Earlier this year, the Bernie Sanders campaign made a few comments that earned more media coverage than most of his actual platform.
First, in late January, rapid response director Mike Casca advised in a tweet that “if you support @berniesanders, please follow the senator’s lead and be respectful when people disagree with you.”
And just a couple weeks later on CNN, Sanders himself added, “Look, anybody who is supporting me that is doing the sexist things is—we don’t want them.”
Predictably, Clinton partisans seized on both comments as evidence that the campaign was “very concerned”, not just about potential sexism, but about “trolling” and the generally “cultish behavior of his supporters”. That’s what Jamil Smith wrote – neatly echoing the campaign’s plan to insist that “Sanders supporters are flooding the internet with troubling comments about women” (a necessary line of criticism “since most of our attacks haven’t been working”). And now, of course, we know that Smith wrote this just weeks after coordinating with the campaign to roll out “Bernie hits…without [their] fingerprints”.
The so-called “Bernie Bro” controversy, it turns out, was always more complicated than it appeared. As many of us were at pains to point out, it was always an exaggerated and cynically hyped smear campaign by Clinton. But here, I want to point out that even the Sanders response has to be understood cynically – as an attempt to parry political attacks, win the Democratic nomination, and defeat Donald Trump.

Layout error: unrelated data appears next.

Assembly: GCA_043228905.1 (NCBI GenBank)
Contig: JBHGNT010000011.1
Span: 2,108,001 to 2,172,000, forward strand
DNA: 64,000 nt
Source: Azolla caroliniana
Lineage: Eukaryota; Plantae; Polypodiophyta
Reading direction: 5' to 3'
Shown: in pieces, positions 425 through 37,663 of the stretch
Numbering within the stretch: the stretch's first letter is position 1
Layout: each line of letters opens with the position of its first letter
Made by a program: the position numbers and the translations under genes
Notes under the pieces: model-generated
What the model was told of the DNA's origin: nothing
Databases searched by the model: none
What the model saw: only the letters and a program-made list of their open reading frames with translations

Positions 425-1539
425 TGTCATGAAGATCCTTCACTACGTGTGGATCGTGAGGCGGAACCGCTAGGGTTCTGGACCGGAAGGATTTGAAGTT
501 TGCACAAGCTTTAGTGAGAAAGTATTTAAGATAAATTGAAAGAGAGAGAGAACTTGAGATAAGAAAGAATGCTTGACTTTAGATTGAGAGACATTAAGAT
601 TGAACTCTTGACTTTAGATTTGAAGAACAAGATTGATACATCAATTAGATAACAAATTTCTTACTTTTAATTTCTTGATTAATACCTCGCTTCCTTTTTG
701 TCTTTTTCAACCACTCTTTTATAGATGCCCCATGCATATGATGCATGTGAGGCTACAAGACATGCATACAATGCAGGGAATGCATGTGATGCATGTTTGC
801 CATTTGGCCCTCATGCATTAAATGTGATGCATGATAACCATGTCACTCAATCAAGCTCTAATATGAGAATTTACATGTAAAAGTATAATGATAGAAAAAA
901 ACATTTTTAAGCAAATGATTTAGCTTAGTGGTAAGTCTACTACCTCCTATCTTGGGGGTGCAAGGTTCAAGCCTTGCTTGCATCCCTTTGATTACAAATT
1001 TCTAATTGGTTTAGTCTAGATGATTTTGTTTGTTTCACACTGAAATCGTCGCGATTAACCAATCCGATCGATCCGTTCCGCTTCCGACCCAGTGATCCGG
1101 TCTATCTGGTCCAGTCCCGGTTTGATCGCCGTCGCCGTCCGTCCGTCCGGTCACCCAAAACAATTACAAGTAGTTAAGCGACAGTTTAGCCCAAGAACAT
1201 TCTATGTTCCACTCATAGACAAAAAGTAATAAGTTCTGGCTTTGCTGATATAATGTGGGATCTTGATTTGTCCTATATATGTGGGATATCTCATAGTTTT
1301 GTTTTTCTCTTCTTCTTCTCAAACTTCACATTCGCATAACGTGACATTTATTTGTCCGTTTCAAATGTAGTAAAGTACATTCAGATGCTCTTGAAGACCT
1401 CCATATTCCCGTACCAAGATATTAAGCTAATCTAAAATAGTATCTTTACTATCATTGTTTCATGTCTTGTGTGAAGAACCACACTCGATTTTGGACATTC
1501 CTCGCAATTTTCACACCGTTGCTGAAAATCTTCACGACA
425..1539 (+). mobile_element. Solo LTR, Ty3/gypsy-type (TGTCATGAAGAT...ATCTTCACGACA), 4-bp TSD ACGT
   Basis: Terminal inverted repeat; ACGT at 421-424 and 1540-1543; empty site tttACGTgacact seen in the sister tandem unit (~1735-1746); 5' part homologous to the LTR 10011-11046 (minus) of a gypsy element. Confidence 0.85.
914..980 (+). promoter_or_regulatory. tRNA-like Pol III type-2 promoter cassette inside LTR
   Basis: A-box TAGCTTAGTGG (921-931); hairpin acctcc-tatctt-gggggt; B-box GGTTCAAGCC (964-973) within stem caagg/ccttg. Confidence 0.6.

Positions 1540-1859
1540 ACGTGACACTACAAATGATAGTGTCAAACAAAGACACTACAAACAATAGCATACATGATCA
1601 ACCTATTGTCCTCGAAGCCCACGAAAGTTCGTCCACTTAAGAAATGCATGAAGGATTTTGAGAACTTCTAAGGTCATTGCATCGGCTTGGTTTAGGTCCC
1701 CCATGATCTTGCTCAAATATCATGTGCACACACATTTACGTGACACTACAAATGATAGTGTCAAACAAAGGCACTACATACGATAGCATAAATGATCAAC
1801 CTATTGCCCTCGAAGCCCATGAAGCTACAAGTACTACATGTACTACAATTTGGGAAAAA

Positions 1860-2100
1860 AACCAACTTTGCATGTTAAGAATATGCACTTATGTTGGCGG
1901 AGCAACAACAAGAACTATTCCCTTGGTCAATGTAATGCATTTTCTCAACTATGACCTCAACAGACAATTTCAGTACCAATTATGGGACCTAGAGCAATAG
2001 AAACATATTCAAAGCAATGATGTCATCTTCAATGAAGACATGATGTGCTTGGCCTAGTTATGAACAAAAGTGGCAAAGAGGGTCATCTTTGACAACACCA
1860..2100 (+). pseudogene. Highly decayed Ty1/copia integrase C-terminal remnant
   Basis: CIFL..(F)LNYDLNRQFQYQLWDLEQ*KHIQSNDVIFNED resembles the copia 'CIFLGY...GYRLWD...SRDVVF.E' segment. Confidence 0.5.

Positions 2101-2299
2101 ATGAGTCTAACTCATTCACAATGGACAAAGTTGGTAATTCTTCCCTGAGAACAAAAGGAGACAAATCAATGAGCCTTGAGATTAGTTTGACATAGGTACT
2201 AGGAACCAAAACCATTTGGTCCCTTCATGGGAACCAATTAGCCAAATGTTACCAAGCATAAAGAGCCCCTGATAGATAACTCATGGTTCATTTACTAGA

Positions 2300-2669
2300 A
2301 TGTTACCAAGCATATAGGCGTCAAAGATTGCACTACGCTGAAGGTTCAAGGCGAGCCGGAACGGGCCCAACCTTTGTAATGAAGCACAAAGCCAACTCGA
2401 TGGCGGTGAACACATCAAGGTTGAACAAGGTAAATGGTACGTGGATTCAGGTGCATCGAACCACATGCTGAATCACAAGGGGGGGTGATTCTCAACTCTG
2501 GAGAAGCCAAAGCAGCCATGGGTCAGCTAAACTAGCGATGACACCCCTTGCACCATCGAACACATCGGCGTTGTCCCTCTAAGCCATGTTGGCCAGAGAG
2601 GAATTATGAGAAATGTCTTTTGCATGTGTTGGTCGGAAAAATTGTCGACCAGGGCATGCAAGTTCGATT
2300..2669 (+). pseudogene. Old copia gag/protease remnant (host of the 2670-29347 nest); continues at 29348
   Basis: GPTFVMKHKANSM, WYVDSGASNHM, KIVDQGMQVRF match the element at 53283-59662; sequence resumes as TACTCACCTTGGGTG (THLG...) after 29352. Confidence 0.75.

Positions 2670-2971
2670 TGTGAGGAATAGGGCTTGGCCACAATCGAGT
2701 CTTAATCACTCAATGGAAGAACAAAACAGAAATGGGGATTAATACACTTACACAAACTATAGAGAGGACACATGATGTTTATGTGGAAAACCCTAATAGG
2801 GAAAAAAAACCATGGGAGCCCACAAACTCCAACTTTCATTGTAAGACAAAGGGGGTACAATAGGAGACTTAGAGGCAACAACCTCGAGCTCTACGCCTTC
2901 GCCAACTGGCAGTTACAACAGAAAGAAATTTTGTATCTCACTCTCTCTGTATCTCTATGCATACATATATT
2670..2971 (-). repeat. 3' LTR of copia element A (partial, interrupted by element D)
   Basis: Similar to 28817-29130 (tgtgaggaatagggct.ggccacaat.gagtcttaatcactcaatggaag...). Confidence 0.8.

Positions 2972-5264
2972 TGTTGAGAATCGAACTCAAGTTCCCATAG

In fact, today we can be fairly certain that the Sanders campaign was privately just as infuriated by Clinton as her critics, the notorious Bernie Bros. One reason we know this is that Sanders has admitted it himself:
Trust me, if they went into our emails…I’m sure there would be statements that would be less than flattering about, you know, the Clinton staff.
It’s pretty easy to understand why they would be angry: by just about every metric imaginable, Hillary Clinton led one of the worst presidential campaigns in modern history. It was a profoundly reactionary campaign, built entirely on rolling back the horizons of the politically possible, fracturing left solidarity, undermining longstanding left priorities like universal healthcare, pandering to Wall Street oligarchs, fomenting nationalism against Denmark and Russia, and rehabilitating some of history’s greatest monsters – from Bush I to Kissinger.
It was a grossly unprincipled campaign that belligerently violated FEC Super PAC coordination rules and conspired with party officials on everything from political attacks to debate questions. It was an obscenely stupid campaign that all but ignored Wisconsin during the general election, that pitched Clinton to Latino voters as their abuela, that centered an entire high-profile speech over the national menace of a few thousand anime nazis on Twitter, and that repeatedly deployed Lena Dunham as a media surrogate.